70 years on: The common man looks so similar

70 years on: The common man looks so similar
Gulzar with translator and senior politician Pavan K. Varma

Aspirations for peace between India and Pakistan came to the fore at the Bengaluru Poetry Festival, with sessions featuring the legendary poet Gulzar and activists Saira Shah Halim and Ruchhita Kazaria

 Audience at The Leela Palace Hotel

Audience at The Leela Palace Hotel

None other than the legendary poet and lyricist Gulzar inaugurated the much-awaited second edition of the Bengaluru Poetry Festival at The Leela Palace on 5 August 2017. At the afternoon session, as crowds jostled for space in the auditorium, the presenter’s voice reverberated reverberated from the dias:

Aankhon ko visa nahin lagti,

Sapno ki sarhad nahin hoti …

Band aankhon se roz,

Mein sarhad paar chala jaata hoon milne Mehdi Hasan se!


Eyes don’t need a visa

Dreams have no frontiers

Every day, with eyes closed, I go across the border,

To meet Mehdi Hasan

These opening lines of Gulzar’s famous poem introduced the poet as he stepped on to the stage to join Pavan K. VGulzar+PV-sidearma in dialogue. The official translator of Gulzar’s poetry, Varma is a member of parliament in the Rajya Sabha representing Janata Dal (United), he is former Indian Foreign Service officer and former advisor to the Chief Minister of Bihar, Nitish Kumar, with cabinet rank.

Gulzar’s verses that opened the session have been a symbol for Aman ki Asha (Hope for Peace) since the India-Pakistan peace initiative was launched in 2010. Gulzar also penned what came to be known as the Aman Ki Asha anthem: ‘Nazar mein rehte ho, jab tum nazar nahin aatey!’ (You are in my sight, even when I don’t see you). He is also one of the signatories of the Resolution for the Peace Now and Forever Campaign Between India and Pakistan, now online at this link.



Having penned soulful pieces of prose and poetry revolving around the human tragedies of Partition and the ghastly realities it still plays out in both countries, Gulzar’s session on ‘Suspected Poems’ was a bid to explore various threads ranging from the disturbed climate in India and the region, to the culture of intolerance and the plight of a commoner.

As the session ended, an audience request prompted Gulzar to recite his poem ‘Karachi’, published in his compilation ‘Suspected Poems’ (Penguin Viking).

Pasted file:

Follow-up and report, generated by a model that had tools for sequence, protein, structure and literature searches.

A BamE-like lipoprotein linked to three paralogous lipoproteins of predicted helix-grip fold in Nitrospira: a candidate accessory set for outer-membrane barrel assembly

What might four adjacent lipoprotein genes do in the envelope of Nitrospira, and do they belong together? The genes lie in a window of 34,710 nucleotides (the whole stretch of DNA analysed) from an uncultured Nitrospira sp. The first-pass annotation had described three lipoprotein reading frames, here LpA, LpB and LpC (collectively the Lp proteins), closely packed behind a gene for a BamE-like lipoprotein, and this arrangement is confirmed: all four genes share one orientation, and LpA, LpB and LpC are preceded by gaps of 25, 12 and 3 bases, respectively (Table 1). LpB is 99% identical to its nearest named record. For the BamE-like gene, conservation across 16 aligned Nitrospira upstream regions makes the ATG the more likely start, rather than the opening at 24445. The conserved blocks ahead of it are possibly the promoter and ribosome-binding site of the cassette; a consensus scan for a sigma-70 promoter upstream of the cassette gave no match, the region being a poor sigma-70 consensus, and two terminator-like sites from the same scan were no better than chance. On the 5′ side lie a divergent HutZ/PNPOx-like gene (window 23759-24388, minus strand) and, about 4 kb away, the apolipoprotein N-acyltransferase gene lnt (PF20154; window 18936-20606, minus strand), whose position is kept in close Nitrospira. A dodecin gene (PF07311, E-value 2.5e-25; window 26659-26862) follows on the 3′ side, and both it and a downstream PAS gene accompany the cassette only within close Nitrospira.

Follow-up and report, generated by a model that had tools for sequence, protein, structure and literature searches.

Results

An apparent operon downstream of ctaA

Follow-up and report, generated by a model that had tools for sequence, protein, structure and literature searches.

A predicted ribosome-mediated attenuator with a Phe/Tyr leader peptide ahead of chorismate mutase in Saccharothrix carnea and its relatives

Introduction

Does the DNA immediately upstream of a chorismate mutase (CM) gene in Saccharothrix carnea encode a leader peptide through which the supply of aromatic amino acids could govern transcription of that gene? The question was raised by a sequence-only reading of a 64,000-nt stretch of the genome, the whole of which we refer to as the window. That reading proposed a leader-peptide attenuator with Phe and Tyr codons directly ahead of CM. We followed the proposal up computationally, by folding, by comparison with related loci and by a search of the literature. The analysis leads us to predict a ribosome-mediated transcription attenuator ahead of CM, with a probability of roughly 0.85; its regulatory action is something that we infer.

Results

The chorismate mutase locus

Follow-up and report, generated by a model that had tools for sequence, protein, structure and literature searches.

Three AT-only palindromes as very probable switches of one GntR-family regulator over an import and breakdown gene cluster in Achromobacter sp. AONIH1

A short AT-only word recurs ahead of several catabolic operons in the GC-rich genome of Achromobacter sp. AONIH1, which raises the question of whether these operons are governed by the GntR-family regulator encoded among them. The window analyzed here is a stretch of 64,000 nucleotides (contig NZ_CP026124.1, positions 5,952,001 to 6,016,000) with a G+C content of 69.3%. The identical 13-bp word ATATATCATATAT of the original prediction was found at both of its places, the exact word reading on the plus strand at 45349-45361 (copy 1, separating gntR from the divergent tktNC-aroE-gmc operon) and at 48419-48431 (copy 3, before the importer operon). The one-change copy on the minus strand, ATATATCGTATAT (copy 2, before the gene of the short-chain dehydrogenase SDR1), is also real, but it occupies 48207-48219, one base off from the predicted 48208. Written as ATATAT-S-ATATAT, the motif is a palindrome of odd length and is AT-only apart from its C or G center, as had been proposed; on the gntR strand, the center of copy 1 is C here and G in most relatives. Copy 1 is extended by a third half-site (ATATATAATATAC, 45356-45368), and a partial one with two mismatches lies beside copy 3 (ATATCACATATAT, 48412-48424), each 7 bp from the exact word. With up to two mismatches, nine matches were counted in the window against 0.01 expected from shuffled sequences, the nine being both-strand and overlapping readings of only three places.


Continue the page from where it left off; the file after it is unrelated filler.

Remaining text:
Tere shehar mein bhi toh cheele’n

Usi tarah laasho’ ke upar mandlaati hai

Jaise mere shehar ke chauraaho’ par

Bandobast ki goliyaa’ khaa-kar …

Logo’ ki laashein jab girti hai

Aasman par mandlaate giddh neeche utar aate hai!

Hum dono ke, do mulkon mein

Aam aadmi kitne milte-julte hai!

The verses, translated by Pavan K. Varma, read:

In your town too

Vultures hover above corpses

In the same way as in mine;

When in town squares

The dead fall, hit by bandobast bullets

The vultures come swooping down.

You and I …

In the two countries to which you and I belong

The common man looks so similar!

Panel+audienceThe following day saw another focus on India-Pakistan in the session on Angst Poetry moderated by Samantak Bhadra. Two activists from Kolkata, Saira Shah Halim and Ruchhita Kazaria recited poems on the prevailing turbulent times. The session began with Kazaria, an Aman Ki Asha cheerleader and passionate peace crusader, introducing the movement and taking the audience through the initiative, ‘Milne Do’.

The session featured were four poems, all in Hindustani, with translations in English. The mood was of celebrating satire through the lens of 70 years of partition, countering the mindless hate-mongering, second-hand baggage and activism. Ruchhita Kazaria’s poem ‘Kya kaha tumne Gurmehar Kaur?’ based on the experiences of a young woman student, daughter of an Indian soldier killed on the Kashmir border, was steeped in irony.

Particularly soul-warming was the audience response, both during and after the session — a beeline for questions about the movement and silent solidarity emoted through scores of eyes.Kya kaha tumne Gurmehar Kaur

An evening well invested, bridging gaps and mindsets through peace poetry, mulling on the pity of war.

The audience included a senior administrator of the Aman ki Asha Facebook group, octogenarian  Konchadi Vasanth Pai. As Kazaria introduced him and spoke about his contribution to the movement, he broke out in an impish grin, and raised his hand to wave out to a hundred faces smiling at him.

The Bengaluru Poetry Festival emerged from the realization by Subodh and Lakshmi, the founders of Atta Galatta, The Bookstore and Events Space, that while poetry as a form of self-expression was gaining immense popularity, and Indian poets and poetry were increasingly being recognized the world over, there were limited opportunities available for poets within the existing literary festival platforms. Palgun K. J. remains the spine of the festival who conceived the program and sowed the seeds of the session on activism that brought the spirit of India-Pakistan peace activism to the 2017 edition.

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